• Gezer S.
      • Venugopal P.
      • Jain S.
      Heparin induced thrombocytopenia in patients with COVID-19.
      ].
      Another study of ten COVID-19 patients with HIT suspicion revealed that samples were tested positive with the serotonin release assay (SRA), even in absence of heparin [
      • Nazy I.
      • Jevtic S.D.
      • Moore J.C.
      • Huynh A.
      • Smith J.W.
      • Kelton J.G.
      • Arnold D.M.
      Platelet-activating immune complexes identified in critically ill COVID-19 patients suspected of heparin-induced thrombocytopenia.
      ]. Since anti-PF4/heparin antibodies could not be detected in these patients, the diagnosis of HIT was ruled out [
      • Nazy I.
      • Jevtic S.D.
      • Moore J.C.
      • Huynh A.
      • Smith J.W.
      • Kelton J.G.
      • Arnold D.M.
      Platelet-activating immune complexes identified in critically ill COVID-19 patients suspected of heparin-induced thrombocytopenia.
      ]. The addition of IV.3 (anti-human CD32 (FcɣRIIa), Clone IV.3) antibody inhibited platelet activation, indicating that immune complexes containing IgG likely triggered the platelet activation in vitro via FcγRIIa. Of note, convalescent plasma from non-critically ill COVID-19 subjects (n = 8) did not activate platelets in the SRA, despite having high levels of anti-SARS-CoV-2 antibodies, indicating that antibodies alone were insufficient for platelet activation [
      • Nazy I.
      • Jevtic S.D.
      • Moore J.C.
      • Huynh A.
      • Smith J.W.
      • Kelton J.G.
      • Arnold D.M.
      Platelet-activating immune complexes identified in critically ill COVID-19 patients suspected of heparin-induced thrombocytopenia.
      ]. The authors of this study concluded that a subset of critically ill COVID-19 patient sera contains immune complexes that mediate platelet activation via FcγRIIa. The antigen in the immune complexes remains elusive, but may be part of SARS-CoV-2, similar to what was reported with H1N1 viral infection [
      • Boilard E.
      • Pare G.
      • Rousseau M.
      • Cloutier N.
      • Dubuc I.
      • Levesque T.
      • Borgeat P.
      • Flamand L.
      Influenza virus H1N1 activates platelets through FcgammaRIIA signaling and thrombin generation.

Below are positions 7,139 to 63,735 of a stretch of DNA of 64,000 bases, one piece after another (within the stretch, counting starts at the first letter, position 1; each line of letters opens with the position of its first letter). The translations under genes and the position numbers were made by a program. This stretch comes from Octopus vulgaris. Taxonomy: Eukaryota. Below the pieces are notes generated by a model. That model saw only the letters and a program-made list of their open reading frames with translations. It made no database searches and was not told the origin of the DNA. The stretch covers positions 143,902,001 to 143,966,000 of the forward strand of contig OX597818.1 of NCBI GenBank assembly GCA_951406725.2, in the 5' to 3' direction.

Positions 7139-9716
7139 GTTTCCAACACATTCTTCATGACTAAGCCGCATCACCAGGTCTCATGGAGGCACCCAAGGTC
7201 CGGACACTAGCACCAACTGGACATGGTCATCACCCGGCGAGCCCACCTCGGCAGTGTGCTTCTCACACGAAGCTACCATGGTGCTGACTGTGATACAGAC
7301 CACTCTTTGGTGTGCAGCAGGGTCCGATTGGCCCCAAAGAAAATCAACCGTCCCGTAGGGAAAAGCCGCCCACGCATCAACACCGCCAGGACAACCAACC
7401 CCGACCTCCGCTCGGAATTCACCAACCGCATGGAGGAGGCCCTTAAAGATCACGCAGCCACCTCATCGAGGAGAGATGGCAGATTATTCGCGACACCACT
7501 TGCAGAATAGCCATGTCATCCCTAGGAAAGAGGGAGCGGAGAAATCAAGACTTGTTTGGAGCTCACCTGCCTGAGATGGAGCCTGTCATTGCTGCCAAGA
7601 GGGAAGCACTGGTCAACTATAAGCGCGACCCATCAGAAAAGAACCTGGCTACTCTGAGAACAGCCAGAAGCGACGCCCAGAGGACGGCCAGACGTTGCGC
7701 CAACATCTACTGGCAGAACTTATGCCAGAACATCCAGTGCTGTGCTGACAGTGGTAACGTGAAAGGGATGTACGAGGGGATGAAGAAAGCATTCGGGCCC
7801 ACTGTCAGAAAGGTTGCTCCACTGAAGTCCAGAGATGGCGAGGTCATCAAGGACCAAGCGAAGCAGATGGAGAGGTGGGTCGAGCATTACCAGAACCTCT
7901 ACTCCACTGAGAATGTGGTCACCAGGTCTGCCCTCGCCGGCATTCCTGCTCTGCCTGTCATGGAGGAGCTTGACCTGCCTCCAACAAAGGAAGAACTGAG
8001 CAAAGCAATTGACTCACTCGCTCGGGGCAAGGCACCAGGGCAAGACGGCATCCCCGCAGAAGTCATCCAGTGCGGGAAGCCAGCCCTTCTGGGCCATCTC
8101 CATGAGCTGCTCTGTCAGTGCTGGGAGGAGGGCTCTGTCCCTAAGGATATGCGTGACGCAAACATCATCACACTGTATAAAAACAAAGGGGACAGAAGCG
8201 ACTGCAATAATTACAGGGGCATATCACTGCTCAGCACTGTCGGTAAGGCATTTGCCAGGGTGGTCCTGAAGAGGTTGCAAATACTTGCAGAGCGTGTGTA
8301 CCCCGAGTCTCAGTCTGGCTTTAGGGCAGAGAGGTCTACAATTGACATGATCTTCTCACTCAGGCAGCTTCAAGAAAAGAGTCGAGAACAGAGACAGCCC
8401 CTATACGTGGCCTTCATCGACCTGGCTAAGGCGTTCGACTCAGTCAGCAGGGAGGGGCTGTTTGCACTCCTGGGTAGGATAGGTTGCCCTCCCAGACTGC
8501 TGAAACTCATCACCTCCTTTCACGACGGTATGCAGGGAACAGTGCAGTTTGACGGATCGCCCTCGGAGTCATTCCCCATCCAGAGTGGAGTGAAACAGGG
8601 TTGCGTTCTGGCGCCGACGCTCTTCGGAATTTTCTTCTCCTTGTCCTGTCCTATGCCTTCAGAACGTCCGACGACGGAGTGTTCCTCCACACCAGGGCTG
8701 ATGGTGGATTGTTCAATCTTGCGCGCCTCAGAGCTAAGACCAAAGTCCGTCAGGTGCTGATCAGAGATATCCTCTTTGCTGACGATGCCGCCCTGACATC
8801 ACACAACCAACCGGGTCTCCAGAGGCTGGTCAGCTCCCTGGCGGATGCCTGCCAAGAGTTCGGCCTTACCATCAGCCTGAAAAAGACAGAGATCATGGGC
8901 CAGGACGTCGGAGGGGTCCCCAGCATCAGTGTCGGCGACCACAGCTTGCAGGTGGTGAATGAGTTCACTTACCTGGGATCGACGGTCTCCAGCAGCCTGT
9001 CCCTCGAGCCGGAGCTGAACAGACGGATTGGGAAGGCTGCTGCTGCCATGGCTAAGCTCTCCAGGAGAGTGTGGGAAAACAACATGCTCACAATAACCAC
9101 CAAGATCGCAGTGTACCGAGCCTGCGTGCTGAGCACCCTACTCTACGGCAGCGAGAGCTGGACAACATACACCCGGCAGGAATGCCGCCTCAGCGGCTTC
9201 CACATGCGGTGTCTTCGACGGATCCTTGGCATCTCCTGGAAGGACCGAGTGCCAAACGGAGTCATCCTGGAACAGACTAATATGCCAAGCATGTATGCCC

]. This is further supported by the inhibition of platelet activation observed with therapeutic concentrations of heparin, which may bind the SARS-CoV-2 receptor binding domain (RBD) and induce a conformational change with altered binding specificity, potentially disrupting immune complexes [
      • Yang Y.
      • Du Y.
      • Kaltashov I.A.
      The utility of native MS for understanding the mechanism of action of repurposed therapeutics in COVID-19: heparin as a disruptor of the SARS-CoV-2 interaction with its host cell receptor.
      ]. Also, interaction with syndecan-1 and endocan, two polyanionic proteoglycans released by damaged endothelial cells, may also form complexes with PF-4 then stimulating the production of anti-PF4 antibodies.
      Therefore, these results suggest that in COVID-19 patients, immune complexes unrelated to PF4 could also activate platelets via FcγRIIa.

      4. Anti-PF4 antibodies and spontaneous HIT

      HIT antibodies are typically induced by heparin exposure, which causes the formation of macromolecular complexes associated with a conformational change in PF4, thereby creating neoantigens [
      • Greinacher A.
      • Gopinadhan M.
      • Gunther J.U.
      • Omer-Adam M.A.
      • Strobel U.
      • Warkentin T.E.
      • Papastavrou G.
      • Weitschies W.
      • Helm C.A.
      Close approximation of two platelet factor 4 tetramers by charge neutralization forms the antigens recognized by HIT antibodies.
      ]. HIT IgG antibodies activate platelets via FcɣRIIa, leading to the release of platelet-derived procoagulant microvesicles [
      • Mullier F.
      • Minet V.
      • Bailly N.
      • Devalet B.
      • Douxfils J.
      • Chatelain C.
      • Elalamy I.
      • Dogne J.M.
      • Chatelain B.
      Platelet microparticle generation assay: a valuable test for immune heparin-induced thrombocytopenia diagnosis.
      ].
      Even if it is confirmed that recent (i.e. 3 months) heparin exposure cannot be involved in the advent of TTS after vaccination, we have to be cautious about possible confounders regarding the trigger of the immune response toward PF4. Indeed, it has already been reported that so-called ‘spontaneous’ HIT may occur in patients who had proximate episodes of infection, or major surgery such as total knee or hip replacement surgery [
      • Warkentin T.E.
      • Makris M.
      • Jay R.M.
      • Kelton J.G.
      A spontaneous prothrombotic disorder resembling heparin-induced thrombocytopenia.
      ,
      • Krauel K.
      • Potschke C.
      • Weber C.
      • Kessler W.
      • Furll B.
      • Ittermann T.
      • Maier S.
      • Hammerschmidt S.
      • Broker B.M.
      • Greinacher A.
      Platelet factor 4 binds to bacteria, [corrected] inducing antibodies cross-reacting with the major antigen in heparin-induced thrombocytopenia.
      ,
      • Warkentin T.E.
      • Basciano P.A.
      • Knopman J.
      • Bernstein R.A.
      Spontaneous heparin-induced thrombocytopenia syndrome: 2 new cases and a proposal for defining this disorder.
      ,
      • Jay R.M.
      • Warkentin T.E.